Keep your garden growing - see what to plant right now

Growing Rutabaga, also Swedes

Jan F M A M J J A S O N Dec
            P P        

(Best months for growing Rutabaga in USA - Zone 5a regions)

P = Sow seed

  • Easy to grow. Sow in garden. Sow seed at a depth approximately three times the diameter of the seed. Best planted at soil temperatures between 45°F and 77°F. (Show °C/cm)
  • Space plants: 4 - 8 inches apart
  • Harvest in 10-14 weeks.
  • Compatible with (can grow beside): Peas, Beans, Chives
  • Avoid growing close to: Potatoes

Member of turnip family Round root vegetable with creamy white flesh and reddish purple leaves.

They take about 3 to 4 months to grow.

Grow where beans or peas have been grown the year before.

Culinary hints - cooking and eating Rutabaga

Use when about the size of a tennis ball.
The leaves can be cooked like cabbage when young.

Your comments and tips

04 Mar 18, Scott (Australia - temperate climate)
can I grow sweedes next to or near cauliflower??
05 Mar 18, Mike (Australia - sub-tropical climate)
There is nothing here that says you can't grow swedes and silver beet next to caulies.
05 Mar 18, Mike (Australia - sub-tropical climate)
My advice would be not to grow sliver beet and swede too close to cauliflower - the reason the cauliflower could produce a big leaf area and smoother the other two crops. My broccoli plants usually end up 3-4' across and 2.5-3' high. Crowds out other plants if too close.
29 Sep 17, Daryl Pungitore (Australia - temperate climate)
How are swedes preserved? I dont really want to freeze them. Any ideas?
02 Oct 17, Mike (Australia - sub-tropical climate)
I found this on the web. I also store carrots, beetroot and swedes in my ‘cushion’ boxes.  It is easy to store them and very convenient to pop outside to get something to prepare for dinner.  I lift the vegetables and twist off the tops and then put them into a wooden box on top of a layer of compost (you can use sand for this too).  I make sure the vegetables aren’t touching and then I cover them with compost.  This way they store beautifully over the winter. Done in a very cold place though.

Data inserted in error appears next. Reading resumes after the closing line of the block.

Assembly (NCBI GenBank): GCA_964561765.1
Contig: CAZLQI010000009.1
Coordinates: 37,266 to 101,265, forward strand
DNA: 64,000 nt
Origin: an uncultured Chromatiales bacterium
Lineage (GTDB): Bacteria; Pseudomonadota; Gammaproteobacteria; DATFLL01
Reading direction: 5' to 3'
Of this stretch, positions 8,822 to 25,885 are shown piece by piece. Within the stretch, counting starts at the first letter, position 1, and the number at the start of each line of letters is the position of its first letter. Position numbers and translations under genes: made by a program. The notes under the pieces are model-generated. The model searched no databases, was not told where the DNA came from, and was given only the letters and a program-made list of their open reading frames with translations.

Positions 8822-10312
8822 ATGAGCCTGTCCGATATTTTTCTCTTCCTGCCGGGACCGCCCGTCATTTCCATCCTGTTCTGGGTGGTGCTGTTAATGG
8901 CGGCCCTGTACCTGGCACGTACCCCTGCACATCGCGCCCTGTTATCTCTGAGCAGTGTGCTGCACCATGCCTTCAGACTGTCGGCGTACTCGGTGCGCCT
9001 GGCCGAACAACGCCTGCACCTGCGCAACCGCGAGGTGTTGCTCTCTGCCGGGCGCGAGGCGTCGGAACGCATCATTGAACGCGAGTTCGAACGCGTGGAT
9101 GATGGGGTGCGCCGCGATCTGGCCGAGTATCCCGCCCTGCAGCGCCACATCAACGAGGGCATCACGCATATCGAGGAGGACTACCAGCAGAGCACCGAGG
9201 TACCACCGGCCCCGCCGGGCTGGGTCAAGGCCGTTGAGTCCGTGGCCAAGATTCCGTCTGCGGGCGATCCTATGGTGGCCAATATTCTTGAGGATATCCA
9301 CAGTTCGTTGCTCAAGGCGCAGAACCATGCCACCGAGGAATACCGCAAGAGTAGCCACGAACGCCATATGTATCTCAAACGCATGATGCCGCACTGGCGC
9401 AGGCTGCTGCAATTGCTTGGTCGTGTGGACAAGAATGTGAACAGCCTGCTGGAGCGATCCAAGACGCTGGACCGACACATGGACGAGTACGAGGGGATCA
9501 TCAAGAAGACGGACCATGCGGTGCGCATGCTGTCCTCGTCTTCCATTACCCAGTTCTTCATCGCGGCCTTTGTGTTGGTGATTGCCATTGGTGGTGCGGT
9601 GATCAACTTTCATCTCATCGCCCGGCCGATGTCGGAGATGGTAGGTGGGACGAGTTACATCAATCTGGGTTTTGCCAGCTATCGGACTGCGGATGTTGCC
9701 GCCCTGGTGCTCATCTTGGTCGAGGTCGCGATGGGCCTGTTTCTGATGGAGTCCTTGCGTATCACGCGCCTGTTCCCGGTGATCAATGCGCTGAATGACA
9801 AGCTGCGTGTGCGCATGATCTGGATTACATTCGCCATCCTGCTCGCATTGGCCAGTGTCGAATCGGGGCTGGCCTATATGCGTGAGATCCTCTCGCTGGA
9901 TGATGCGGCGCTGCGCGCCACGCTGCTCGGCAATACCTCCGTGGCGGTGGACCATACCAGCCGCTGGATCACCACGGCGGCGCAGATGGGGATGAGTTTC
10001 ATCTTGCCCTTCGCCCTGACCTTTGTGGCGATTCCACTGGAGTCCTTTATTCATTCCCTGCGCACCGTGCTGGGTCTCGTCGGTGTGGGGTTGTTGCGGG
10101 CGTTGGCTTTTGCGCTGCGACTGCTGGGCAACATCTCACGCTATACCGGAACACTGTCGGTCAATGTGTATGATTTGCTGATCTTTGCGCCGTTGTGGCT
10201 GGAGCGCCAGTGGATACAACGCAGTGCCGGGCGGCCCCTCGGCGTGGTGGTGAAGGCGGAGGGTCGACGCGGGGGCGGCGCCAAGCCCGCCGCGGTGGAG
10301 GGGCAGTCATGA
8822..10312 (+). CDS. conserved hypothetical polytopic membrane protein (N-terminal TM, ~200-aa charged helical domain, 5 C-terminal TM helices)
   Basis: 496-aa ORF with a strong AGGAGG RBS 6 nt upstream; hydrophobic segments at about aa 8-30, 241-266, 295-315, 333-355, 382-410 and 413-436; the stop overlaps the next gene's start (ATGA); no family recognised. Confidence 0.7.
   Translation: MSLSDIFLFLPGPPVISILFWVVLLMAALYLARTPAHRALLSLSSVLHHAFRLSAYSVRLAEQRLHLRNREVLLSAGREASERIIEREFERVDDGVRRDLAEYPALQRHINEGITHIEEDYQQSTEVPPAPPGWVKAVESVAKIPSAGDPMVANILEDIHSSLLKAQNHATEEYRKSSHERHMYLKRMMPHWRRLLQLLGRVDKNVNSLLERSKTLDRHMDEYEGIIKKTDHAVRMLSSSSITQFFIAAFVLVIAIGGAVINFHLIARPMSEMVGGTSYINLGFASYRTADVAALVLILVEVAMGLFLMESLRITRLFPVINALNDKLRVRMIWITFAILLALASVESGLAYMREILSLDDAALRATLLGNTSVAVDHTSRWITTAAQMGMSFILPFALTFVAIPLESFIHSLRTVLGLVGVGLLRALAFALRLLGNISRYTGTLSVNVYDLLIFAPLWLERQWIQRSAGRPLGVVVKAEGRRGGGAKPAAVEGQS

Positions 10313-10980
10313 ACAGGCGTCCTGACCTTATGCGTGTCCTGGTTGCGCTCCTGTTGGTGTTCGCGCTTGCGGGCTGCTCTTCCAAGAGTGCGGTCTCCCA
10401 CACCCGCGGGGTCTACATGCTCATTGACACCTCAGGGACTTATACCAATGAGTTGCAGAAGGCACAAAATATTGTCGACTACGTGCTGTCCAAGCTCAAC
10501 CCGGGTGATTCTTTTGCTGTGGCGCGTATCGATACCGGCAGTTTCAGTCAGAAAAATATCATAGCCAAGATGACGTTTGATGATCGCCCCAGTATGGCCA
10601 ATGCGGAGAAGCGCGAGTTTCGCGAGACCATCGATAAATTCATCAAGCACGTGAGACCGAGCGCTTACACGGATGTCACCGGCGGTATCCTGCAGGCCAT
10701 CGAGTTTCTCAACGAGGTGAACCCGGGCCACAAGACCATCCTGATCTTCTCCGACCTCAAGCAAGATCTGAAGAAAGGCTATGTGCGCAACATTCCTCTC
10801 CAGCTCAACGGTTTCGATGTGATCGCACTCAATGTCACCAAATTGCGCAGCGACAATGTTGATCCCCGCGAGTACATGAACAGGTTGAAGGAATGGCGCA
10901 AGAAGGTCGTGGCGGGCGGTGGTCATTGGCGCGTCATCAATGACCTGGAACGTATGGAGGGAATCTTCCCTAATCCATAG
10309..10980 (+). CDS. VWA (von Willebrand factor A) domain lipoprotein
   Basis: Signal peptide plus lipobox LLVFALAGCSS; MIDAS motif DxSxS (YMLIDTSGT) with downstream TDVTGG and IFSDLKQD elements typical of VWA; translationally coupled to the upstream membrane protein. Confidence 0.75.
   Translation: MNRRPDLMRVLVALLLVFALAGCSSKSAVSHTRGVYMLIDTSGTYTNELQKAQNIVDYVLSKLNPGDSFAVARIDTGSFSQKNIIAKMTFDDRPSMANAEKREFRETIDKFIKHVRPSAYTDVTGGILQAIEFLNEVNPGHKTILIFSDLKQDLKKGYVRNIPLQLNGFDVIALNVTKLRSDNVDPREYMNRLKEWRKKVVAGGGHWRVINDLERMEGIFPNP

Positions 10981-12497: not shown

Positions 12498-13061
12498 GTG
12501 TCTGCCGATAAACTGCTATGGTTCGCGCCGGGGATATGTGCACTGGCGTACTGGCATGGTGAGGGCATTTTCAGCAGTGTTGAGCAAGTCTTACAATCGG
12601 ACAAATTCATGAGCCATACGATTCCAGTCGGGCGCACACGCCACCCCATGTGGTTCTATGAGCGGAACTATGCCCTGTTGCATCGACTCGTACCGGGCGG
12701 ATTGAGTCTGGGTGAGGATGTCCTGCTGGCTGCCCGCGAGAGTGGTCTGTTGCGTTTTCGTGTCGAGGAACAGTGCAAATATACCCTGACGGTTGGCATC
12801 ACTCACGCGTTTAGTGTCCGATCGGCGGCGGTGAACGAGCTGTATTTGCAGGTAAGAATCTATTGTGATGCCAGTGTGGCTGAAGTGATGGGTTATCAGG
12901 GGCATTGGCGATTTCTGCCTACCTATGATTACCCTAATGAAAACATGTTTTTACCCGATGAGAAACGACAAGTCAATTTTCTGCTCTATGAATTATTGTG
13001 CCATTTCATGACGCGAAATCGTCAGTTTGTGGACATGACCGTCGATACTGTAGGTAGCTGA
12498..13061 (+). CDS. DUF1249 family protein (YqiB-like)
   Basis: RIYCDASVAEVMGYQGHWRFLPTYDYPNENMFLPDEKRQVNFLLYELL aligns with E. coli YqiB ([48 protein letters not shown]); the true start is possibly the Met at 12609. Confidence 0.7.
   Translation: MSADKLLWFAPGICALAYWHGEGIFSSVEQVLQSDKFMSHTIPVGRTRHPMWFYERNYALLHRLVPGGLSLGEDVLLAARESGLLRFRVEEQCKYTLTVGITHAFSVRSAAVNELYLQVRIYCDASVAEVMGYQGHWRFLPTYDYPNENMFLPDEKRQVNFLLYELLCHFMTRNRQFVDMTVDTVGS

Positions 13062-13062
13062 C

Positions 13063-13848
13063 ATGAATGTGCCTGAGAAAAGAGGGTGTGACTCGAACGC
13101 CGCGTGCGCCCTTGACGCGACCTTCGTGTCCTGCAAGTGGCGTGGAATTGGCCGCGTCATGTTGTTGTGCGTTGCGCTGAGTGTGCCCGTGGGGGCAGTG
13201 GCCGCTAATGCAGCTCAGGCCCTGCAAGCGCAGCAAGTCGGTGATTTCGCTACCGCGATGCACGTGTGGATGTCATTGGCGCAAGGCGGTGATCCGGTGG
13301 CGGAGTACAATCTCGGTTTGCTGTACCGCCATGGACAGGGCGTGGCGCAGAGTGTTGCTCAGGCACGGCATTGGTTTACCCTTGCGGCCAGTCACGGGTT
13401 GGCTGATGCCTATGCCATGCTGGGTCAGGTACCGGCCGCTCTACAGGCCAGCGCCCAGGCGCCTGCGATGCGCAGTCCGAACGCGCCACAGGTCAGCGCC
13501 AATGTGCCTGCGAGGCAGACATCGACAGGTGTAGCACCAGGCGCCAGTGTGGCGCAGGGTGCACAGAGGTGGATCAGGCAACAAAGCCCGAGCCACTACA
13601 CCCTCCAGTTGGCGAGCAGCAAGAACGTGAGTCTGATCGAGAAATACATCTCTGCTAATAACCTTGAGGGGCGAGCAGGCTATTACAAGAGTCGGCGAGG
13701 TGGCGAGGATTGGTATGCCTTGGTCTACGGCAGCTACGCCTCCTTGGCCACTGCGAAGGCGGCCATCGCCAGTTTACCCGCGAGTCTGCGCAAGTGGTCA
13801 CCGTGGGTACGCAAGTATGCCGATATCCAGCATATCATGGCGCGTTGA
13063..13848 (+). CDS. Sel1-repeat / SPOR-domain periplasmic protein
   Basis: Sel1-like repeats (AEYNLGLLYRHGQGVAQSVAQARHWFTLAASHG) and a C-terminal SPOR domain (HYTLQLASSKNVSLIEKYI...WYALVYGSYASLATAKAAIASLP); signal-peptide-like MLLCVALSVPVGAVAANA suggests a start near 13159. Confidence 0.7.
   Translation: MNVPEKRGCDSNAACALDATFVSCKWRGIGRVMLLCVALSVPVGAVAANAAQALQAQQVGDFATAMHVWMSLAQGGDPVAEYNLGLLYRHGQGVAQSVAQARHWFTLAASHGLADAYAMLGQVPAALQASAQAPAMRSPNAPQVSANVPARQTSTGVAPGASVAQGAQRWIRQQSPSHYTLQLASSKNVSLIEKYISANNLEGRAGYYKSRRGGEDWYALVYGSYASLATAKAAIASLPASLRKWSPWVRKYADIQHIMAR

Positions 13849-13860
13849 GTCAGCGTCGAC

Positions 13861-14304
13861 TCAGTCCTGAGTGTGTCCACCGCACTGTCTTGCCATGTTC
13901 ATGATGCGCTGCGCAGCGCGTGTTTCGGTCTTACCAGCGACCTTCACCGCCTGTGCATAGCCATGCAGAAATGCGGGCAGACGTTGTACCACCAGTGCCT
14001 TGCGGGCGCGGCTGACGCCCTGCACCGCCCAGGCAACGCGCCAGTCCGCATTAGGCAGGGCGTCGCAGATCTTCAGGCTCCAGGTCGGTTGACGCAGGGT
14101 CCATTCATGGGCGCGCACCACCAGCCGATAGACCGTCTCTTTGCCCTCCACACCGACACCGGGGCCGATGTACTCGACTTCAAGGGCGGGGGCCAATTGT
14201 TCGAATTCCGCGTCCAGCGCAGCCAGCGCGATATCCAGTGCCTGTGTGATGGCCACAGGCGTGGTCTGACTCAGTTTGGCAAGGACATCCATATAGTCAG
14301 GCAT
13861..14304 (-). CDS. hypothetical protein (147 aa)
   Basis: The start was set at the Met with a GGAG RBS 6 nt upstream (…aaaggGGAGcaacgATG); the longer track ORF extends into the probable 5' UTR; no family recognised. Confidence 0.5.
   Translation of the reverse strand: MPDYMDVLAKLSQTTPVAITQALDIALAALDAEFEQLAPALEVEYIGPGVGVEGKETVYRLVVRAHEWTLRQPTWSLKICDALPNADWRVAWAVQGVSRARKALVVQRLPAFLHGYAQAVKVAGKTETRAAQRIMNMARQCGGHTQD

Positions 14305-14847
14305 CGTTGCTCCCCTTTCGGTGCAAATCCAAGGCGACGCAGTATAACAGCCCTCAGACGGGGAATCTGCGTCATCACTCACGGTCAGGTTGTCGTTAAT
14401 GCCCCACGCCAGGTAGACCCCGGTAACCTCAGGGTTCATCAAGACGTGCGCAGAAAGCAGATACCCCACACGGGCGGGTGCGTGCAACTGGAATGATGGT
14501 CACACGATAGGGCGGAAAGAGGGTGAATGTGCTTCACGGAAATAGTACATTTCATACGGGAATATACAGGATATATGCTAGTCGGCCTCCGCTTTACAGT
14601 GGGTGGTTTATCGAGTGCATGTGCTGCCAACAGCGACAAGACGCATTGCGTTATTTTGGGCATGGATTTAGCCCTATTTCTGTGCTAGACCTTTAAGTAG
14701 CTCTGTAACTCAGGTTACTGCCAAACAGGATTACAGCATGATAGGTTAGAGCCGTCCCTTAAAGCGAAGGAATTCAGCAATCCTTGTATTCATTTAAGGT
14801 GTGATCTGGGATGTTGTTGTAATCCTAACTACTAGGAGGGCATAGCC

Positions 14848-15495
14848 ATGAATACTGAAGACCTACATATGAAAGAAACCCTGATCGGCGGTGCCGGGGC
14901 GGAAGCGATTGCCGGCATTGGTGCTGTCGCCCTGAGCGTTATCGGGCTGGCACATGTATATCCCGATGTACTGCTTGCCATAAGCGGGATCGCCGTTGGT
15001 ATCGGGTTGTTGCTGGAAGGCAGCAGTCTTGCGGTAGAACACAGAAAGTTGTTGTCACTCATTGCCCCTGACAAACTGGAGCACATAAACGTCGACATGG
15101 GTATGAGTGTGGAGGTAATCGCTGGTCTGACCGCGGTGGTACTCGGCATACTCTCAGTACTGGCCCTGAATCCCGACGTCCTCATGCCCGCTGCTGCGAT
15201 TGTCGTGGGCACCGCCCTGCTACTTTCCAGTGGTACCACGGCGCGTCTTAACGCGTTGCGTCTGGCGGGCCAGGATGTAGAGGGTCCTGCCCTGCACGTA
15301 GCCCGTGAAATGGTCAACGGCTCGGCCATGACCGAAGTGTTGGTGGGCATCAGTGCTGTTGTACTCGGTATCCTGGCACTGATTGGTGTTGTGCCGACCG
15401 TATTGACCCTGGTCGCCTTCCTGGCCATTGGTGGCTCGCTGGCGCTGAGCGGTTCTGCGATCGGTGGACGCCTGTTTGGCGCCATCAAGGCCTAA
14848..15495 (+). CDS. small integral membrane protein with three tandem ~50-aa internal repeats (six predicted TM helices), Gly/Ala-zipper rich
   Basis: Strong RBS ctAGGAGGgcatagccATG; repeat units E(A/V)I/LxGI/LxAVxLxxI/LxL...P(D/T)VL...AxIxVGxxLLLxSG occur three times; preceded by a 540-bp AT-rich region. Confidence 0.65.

02 Oct 17, Mike (Australia - sub-tropical climate)
Probably best to just keep in the fridge.
23 May 17, Maureen (Australia - temperate climate)
I enjoy eating swede and have never considered it a sweet type of vegetable. I love it cooked with potato and carrot and then mashed with milk and butter. I like it simply steamed. I think it is simply personal preference.
24 May 17, Jack (Australia - temperate climate)
I love swedes as well. We eat them as you suggested and also 'julienne' them on a V slicer and add them to creamed corn after they are cooked. Kids like them that way too.
21 Apr 17, Brian Hargiss (USA - Zone 7a climate)
Where and when is the best place to plant rutabagas in northwest Arkansas? Thank you very much
22 Apr 17, John (USA - Zone 6b climate)
Rutabagas can be planted now. they are a cabbage/turnip cross and will do well where cabbages do well. Old manure worked into the soil and even watering will reduce the chance of checks in their growth. Along with their common uses they are great cooked and mashed or finely diced, cooked and mixed with creamed corn.
Showing 1 - 10 of 45 comments

Rutabagas can be planted now. they are a cabbage/turnip cross and will do well where cabbages do well. Old manure worked into the soil and even watering will reduce the chance of checks in their growth. Along with their common uses they are great cooked and mashed or finely diced, cooked and mixed with creamed corn.

- John

Please provide your email address if you are hoping for a reply


All comments are reviewed before displaying on the site, so your posting will not appear immediately

Gardenate App

Put Gardenate in your pocket. Buy the app for iPhone, iPad or Android to add your own plants and record your plantings and harvests

Planting Reminders

Join 30,000+ gardeners who rely on Gardenate. Subscribe to our free planting reminders email newsletter


Home | Vegetables and herbs to plant | Climate zones | About Gardenate | Contact us | Privacy Policy

This planting guide is a general reference intended for home gardeners. We recommend that you take into account your local conditions in making planting decisions. Gardenate is not a farming or commercial advisory service. For specific advice, please contact your local plant suppliers, gardening groups, or agricultural department. The information on this site is presented in good faith, but we take no responsibility as to the accuracy of the information provided.
We cannot help if you are overrun by giant slugs.